I grew up in Brooklyn in and Irish and Italian and Jewish neighborhood.  It was a melting pot of accents.  I attended a little Catholic school for 1st – 8th grade with 2 teachers for 60 kids in each grade.  My dad was a high school dropout and a bartender.  My mother had no formal education and worked the deli counter in a supermarket.  She moved here in her late 20s to find a husband after growing up on a farm in Ireland and not being able to find work in nursing, teaching or a convent.  I have a sister in the health care industry with a master’s in public health who is VP of something, and a sister with a Master’s degree in education who teaches in Staten Island.  My mom likes to say she has 3 masters!  My parents never vacationed.  Their life was about sacrifice.  Those Catholics!  I think that immigrant ethos drives me.  

Can you describe your professional path toward an MBA in finance? 

I love sports but am terrible at them.  I became interested in math and began reading the New York Daily News sports page, keeping score of baseball and basketball games.  I kept data in a notebook and calculated batting averages and sports stats.  I wanted to be the general manager of the New York Knicks.  My professional sports career ended there.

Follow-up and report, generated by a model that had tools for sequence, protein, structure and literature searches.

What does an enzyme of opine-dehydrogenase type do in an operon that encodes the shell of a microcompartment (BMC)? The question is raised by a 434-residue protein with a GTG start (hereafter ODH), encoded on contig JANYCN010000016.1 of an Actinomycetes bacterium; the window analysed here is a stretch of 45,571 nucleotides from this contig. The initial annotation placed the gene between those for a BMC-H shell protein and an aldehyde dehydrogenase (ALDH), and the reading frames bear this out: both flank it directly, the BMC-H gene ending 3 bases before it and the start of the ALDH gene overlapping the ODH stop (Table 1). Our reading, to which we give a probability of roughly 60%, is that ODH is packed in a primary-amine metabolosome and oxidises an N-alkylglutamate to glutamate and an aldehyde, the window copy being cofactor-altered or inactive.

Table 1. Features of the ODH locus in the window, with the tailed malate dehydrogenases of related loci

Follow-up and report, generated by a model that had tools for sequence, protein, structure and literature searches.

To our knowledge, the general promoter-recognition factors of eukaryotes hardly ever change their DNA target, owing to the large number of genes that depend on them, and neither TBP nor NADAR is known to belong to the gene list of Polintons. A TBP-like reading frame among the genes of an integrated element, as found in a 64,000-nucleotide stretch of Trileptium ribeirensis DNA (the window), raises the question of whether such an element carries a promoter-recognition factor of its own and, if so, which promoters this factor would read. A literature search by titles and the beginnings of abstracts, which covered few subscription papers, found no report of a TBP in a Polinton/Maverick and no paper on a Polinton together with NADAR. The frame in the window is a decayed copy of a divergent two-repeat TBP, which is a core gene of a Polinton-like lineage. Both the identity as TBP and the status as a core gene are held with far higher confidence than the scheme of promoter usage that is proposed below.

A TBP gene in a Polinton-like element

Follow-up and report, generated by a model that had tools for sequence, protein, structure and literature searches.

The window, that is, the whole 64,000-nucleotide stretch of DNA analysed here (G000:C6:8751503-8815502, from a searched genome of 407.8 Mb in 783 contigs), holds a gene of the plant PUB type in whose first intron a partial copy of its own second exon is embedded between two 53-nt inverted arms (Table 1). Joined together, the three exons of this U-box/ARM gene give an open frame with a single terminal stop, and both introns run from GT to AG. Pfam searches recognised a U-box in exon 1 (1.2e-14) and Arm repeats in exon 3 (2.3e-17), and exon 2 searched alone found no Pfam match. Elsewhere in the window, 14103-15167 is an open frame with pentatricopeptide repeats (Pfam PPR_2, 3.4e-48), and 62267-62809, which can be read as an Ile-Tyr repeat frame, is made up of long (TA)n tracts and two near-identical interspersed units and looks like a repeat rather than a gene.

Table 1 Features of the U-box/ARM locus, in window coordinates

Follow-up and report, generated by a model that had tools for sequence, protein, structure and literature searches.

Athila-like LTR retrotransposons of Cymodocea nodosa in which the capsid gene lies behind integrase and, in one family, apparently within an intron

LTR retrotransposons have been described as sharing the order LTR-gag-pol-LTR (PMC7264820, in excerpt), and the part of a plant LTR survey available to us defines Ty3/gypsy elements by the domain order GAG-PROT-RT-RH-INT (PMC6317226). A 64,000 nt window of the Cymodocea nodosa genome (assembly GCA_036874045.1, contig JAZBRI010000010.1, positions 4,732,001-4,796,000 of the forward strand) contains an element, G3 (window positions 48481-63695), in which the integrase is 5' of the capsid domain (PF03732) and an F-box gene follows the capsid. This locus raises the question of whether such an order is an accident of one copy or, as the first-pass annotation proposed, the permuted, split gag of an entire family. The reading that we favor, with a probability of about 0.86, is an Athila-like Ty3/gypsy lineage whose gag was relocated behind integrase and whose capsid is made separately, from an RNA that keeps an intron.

In high school, I debated in a model United Nations and political affairs forum.  I wanted to be a political strategist for a campaign (Lee Atwell or James Carville).  I was a political science and history major in college at Boston University.  But Plato and Aristotle bored me – they weren’t enough real world.  So I pursued my MBA at USM.  I taught a course at the Muskie School of Public Health master’s program:  Healthcare Finance level 2.  I loved it.  It was a lot of work. 

And finally, what do you do for fun?

I’m a runner.  I read – popular economics book (Tyler Cowen), presidential history, U.S. and world history.  I especially like Roman history.  Family time.  Hanging out with my kids.  Helping my kids succeed.  Cooking.  Yes, cooking.   

There’s obviously more to John than just finance. 

by Linda Butler & John McAnuff


Chief Financial Officer